• 15 percent of female undergraduates, 4 percent of male undergraduates, 4 percent of female graduate students, and 1 percent of male graduate students reported having experienced “unwanted sexual touching or kissing”
• All of these experiences are lumped together under the school’s definition of sexual assault.

When students were asked to define their own experiences, 10 percent of female undergraduates, 2 percent of male undergraduates, three percent of female graduate students, and 1 percent of male graduate students said they had been sexually assaulted since coming to MIT. One percent of female graduate students, one percent of male undergraduates, and 5 percent of female undergraduates said they had been raped.

Note that even with a biased study, the result is 1-in-10, not 1-in-5 or 1-in-6.

OK, so web surveys are a bad way to do this. What is a good way? Mark Perry points out that the one-in-five stat is inconsistent with another number claimed by advocates of new policies: a reporting rate of 12%. If you assume a reporting rate near that and use the actual number of reported assaults on major campuses, you get a rate of around 3%.

Hmmm.

Further research is consistent with this rate. For example, here, we see that UT Austin has 21 reported incidents of sexual violence. That’s one in a thousand enrolled women. Texas A&M reported nine, one in three thousand women. Houston reported 11, one in 2000 women. If we are to believe the 1-in-5 stat, that’s a reporting rate of half a percent. A reporting rate of 10%, which is what most people accept, would mean … a 3-5% risk for five years of enrollment.

So … Mark Perry finds 3%. Texas schools show 3-5%. NCVS and RAINN stats indicate 2-5%. Basically, any time we use actual numbers based on objectives surveys, we find the number of women who are in danger of sexual violence during their time on campus is 1-in-20, not 1-in-5.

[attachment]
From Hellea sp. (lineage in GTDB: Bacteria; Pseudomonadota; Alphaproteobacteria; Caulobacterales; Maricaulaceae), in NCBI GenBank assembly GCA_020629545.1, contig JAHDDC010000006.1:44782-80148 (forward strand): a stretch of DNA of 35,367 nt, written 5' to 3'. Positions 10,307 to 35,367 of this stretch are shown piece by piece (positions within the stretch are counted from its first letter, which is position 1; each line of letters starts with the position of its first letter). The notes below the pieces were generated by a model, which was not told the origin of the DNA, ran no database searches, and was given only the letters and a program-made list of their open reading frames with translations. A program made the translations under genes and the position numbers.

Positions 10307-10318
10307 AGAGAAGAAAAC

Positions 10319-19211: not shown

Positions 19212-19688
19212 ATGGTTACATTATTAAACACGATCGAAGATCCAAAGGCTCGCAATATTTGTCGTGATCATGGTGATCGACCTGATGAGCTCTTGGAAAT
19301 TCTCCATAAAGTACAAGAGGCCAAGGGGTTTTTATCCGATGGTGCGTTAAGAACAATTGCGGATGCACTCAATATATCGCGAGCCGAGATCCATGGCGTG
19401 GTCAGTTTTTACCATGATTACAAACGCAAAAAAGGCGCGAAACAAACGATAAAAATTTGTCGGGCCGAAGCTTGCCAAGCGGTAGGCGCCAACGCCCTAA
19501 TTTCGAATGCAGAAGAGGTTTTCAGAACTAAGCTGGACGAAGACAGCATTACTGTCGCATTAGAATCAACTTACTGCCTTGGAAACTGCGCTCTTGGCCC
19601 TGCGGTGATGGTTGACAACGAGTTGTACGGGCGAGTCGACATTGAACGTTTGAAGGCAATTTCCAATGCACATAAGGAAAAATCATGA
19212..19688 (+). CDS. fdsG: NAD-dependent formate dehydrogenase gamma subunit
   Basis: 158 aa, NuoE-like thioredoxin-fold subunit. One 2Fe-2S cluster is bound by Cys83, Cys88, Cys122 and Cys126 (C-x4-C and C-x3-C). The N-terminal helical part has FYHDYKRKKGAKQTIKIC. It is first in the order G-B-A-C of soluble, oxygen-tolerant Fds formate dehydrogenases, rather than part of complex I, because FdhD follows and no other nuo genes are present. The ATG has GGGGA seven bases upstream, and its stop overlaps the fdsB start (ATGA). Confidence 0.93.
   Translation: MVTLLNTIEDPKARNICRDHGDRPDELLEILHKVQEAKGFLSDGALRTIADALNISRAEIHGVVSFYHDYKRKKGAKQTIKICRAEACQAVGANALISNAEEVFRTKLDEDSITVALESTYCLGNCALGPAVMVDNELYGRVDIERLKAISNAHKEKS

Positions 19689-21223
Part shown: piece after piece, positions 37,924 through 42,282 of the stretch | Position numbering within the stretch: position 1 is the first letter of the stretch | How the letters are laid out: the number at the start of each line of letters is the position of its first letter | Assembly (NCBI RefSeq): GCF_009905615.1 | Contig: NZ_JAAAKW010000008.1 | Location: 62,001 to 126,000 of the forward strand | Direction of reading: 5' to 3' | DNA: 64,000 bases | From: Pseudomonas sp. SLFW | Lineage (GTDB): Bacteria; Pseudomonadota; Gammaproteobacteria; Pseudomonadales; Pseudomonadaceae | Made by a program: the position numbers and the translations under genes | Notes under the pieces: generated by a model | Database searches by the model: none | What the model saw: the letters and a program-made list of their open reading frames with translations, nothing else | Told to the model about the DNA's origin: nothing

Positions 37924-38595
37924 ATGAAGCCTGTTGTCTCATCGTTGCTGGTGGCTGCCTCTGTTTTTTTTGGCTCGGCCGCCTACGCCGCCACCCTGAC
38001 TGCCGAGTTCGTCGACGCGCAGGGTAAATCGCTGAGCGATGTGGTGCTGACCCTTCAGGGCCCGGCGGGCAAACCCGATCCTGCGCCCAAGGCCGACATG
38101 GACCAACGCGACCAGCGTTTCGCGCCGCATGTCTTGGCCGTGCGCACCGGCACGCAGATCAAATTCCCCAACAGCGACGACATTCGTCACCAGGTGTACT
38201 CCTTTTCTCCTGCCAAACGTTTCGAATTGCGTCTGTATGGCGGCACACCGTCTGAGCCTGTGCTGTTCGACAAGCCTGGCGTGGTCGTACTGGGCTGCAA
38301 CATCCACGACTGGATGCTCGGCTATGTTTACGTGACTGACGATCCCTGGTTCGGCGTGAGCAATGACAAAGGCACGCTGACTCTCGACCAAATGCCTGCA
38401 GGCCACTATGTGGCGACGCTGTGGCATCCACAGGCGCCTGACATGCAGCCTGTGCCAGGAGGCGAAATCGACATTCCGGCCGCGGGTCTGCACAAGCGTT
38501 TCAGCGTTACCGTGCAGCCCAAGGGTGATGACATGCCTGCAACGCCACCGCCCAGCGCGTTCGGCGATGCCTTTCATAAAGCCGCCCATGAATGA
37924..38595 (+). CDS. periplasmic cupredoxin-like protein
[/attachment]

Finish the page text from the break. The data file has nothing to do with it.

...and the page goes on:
One other reason to disbelieve the 1-in-5 stat. Sexual violence in our society is down — way down. According to the Bureau of Justice Statistics, rape has fallen from 2.5 per 1000 to 0.5 per thousand, an 80% decline. The FBI’s data show a decline from 40 to about 25 per hundred thousand, a 40% decline (they don’t account for reporting rate, which is likely to have risen). RAINN estimates that the rate has fallen 50% in just the last twenty years. That means 10 million fewer sexual assaults.

Yet, for some reason, sexual assault rates on campus have not fallen, at least according to the favored research. They were claiming 1-in-5 in the 80’s and they are claiming 1-in-5 now. The sexual violence rate on campus might fall a little more slowly than the overall society because campus populations aren’t aging the way the general population is and sexual violence victims are mostly under 30. But it defies belief that the huge dramatic drops in violence and sexual violence everywhere in the world would somehow not be reflected on college campuses.

Interestingly, the decline in sexual violence does appear if you polish the wax fruit a bit. The seminal Koss study of the 1980’s claimed that one-in-four women were assaulted or raped on college campuses. As Christina Hoff Summer and Maggie McNeill pointed out, the actual rate was something like 8%. A current rate of 3-5% would indicate that sexual violence on campus has dropped in proportion to that of sexual violence in the broader society.

It goes without saying, of course that 3-5% of women experiencing sexual violence during their time at college is 3-5% too many. As institutions of enlightenment (supposedly), our college campuses should be safer than the rest of society. I support efforts to clamp down on campus sexual violence, although not in the form that it is currently taking, which I will address on the other site.

But the 1-in-5 stat isn’t reality. It’s a poll-test number. It’s a number picked to be large enough to be scary but not so large as to be unbelievable. It is being used to advance an agenda that I believe will not really address the problem of sexual violence.

Numbers means things. As I’ve argued before, if one in five women on college campuses are being sexually assaulted, this suggests a much more radical course of action than one-in-twenty. It would suggest that we should shut down every college in the country since they are the most dangerous places for women in the entire United States. But 1-in-20 suggests that an overhaul of campus judiciary systems, better support for victims and expulsion of serial predators would do a lot to help.

In other words, let’s keep on with the policies that have dropped sexual violence 50-80% in the last few decades.

Mathematical Malpractice Watch: A Trilogy of Error

Three rather ugly instances of mathematical malpractice have caught my attention in the last month. Let’s check them out.

The Death of Facebook or How to Have Fun With Out of Sample Data